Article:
Plants Use Circadian Rhythms to Prepare For Battle With Insects
provided by Rice University
In a study of the molecular underpinnings of plants’ pest resistance, Rice University biologists have shown that plants both anticipate daytime raids by hungry insects and make sophisticated preparations to fend them off.
“When you walk past plants, they don’t look like they’re doing anything,” said Janet Braam, an investigator on the new study, which appears this week in the Proceedings of the National Academy of Sciences. “It’s intriguing to see all of this activity down at the genetic level. It’s like watching a besieged fortress go on full alert.”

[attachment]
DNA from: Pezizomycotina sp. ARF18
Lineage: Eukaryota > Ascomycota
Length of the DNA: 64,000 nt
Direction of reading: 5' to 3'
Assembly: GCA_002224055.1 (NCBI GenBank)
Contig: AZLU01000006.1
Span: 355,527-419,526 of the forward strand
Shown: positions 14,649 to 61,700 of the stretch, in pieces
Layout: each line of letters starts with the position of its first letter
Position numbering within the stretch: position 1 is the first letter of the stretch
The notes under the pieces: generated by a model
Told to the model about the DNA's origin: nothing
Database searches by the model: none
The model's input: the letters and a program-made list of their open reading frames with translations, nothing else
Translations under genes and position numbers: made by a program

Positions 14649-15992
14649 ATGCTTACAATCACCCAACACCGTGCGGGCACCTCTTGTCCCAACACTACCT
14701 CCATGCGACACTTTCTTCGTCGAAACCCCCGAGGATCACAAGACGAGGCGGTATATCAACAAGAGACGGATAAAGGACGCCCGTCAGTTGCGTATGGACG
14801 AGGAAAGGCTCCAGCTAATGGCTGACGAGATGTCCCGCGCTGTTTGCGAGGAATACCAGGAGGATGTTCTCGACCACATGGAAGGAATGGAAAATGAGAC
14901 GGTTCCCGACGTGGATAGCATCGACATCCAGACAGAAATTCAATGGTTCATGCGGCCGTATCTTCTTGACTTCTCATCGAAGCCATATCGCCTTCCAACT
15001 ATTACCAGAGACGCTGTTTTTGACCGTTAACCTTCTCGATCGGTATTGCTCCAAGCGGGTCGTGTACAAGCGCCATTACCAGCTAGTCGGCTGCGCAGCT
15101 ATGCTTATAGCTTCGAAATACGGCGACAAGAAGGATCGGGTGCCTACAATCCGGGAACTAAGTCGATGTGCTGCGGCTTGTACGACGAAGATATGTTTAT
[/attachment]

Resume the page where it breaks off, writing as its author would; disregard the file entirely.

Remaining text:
Braam, professor and chair of Rice’s Department of Biochemistry and Cell Biology, said scientists have long known that plants have an internal clock that allows them to measure time regardless of light conditions. For example, some plants that track the sun with their leaves during the day are known to “reset” their leaves at night and move them back toward the east in anticipation of sunrise…
(read more: Science Daily) (image: Tommy LaVergne/Rice University)